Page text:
Moonrise Kingdom

Image from Moonrise Kingdom [2012]

Moonrise Kingdom tells an age-old tale. Boy meets girl, boy and girl run away, chaos ensues. The film’s star-studded cast (Bruce Willis, Bill Murray, Edward Norton and Frances Mcdormand shine most distinctly) are joined by child actors who take the film’s leading roles. Sam (Jared Gilman) and Suzy (Kara Hayward), two young teens, fall in love and escape from their wildly different homes to be together, thus throwing their families and the local law enforcement into an anarchic chase in director Wes Anderson’s 7th feature film.

That’s no moon. Moonrise Kingdom, like any Wes Anderson film, is very distinct in its aesthetic. From the composition and framing of the shot to the props, costumes, colors and lighting, the visuals maintain a focus and clarity in their delivery more often than not. All this culminates in an unrealistic, magical and picturesque display. That said, the first fifteen minutes are laden with smooth movements and still, symmetrical, frames which quickly devolves into, at times, shaky and blurry shots. While the shakiness in itself (if used well) is not an issue, it appears unrefined and not consistent with the style established in the first fifteen minutes.

“Jiminy cricket, he flew the coop!” Moonrise Kingdom’s premise itself was never going to set the world alight, but it’s the execution which starts the forest fire. All the characters are loveable and hateable in their own unique way and bounce off each other in hilarious and, at times, upsetting ways. It’s the diversity of the characters which creates the chaos which is the latter half of the film. This chaos, however, is not chaos like you’ve seen it before. In the chaos, there is clarity. You know why every character in the maelstrom is there, what they want, why they want it and how they plan to get it. While this is true, the film is severely oversaturated with characters and action towards the end leaving some storylines feeling a bit underutilized and under-explored.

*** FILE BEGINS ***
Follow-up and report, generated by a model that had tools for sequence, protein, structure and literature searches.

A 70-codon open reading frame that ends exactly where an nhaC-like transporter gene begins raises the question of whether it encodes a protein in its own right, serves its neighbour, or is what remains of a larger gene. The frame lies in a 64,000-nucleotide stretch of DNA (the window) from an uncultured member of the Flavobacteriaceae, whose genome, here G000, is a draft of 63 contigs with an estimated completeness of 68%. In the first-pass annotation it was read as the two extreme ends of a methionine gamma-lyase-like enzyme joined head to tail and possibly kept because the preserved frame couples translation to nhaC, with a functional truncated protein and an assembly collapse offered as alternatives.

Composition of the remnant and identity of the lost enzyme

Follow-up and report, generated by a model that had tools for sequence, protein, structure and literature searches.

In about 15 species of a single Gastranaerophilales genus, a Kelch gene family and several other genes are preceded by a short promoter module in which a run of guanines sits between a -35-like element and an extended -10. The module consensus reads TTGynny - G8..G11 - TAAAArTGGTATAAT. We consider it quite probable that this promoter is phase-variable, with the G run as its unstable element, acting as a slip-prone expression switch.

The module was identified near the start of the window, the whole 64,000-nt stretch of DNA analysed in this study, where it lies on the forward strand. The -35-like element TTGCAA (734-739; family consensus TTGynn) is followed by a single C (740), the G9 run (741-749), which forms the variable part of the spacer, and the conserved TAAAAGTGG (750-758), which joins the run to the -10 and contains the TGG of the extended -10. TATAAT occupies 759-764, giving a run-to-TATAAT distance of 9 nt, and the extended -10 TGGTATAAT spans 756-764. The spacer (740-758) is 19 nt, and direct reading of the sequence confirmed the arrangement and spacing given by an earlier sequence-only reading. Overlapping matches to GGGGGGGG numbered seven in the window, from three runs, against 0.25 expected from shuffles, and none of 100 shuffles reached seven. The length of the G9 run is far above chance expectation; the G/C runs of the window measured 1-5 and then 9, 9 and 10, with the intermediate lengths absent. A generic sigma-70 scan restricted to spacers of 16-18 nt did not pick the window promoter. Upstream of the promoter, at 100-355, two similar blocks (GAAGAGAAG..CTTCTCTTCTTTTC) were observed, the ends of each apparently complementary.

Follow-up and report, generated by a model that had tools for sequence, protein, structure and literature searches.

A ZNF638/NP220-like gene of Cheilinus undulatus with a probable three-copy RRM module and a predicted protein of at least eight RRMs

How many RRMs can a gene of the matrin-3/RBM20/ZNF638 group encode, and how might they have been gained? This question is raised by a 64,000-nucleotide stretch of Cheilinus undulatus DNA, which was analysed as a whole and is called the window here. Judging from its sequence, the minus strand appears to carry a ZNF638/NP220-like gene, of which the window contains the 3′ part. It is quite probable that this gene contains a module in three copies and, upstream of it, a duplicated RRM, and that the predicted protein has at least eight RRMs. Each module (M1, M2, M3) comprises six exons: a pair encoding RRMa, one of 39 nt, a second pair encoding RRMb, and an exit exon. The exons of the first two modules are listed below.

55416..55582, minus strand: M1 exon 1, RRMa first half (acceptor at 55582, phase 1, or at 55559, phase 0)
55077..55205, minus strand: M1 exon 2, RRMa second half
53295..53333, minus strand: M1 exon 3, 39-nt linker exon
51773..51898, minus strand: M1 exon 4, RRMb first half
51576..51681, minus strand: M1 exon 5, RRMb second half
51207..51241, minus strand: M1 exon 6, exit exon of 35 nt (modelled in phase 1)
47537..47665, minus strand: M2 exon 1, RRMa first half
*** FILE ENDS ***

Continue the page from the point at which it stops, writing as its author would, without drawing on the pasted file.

A doll’s house. While other filmmakers are moving towards more naturalistic environments and tones, Wes Anderson has strapped a missile to his unicycle (you know he has one) and flown in the opposite direction. His worlds are built meticulously. Made not to look like our world, but to tell us something about his character’s one. Shots within houses are lateral and force all the elements into different layers creating a doll house. This, however, is not purely aesthetic and serves to illustrate Suzy’s feelings of entrapment. I love ideas like this being conveyed to me almost subconsciously. The film is awash with brilliant visuals which say more than any character ever could. 
Performance review. Moonrise Kingdom’s almost has two distinct casts. One cast is comprised of adults, whose characters explore more melancholic themes the film presents. The other cast is mostly comprised of children and playful adults (Edward Norton and Harvey Keitel fall into this, ahem, camp). The adult cast, in my opinion, collectively gives one of the best and most nuanced performances I have seen. It hits the metaphorical ball so far out of the metaphorical park, it lands in a literal one. Comparatively, the other cast is less impressive. The two leads are great performers though some of the other child actors don’t always hit the mark and can pull you out of the experience.

Fantastic performances hampered by inconsistent visuals and over-complicated plot.

Watch Moonrise Kingdom via iTunes or Amazon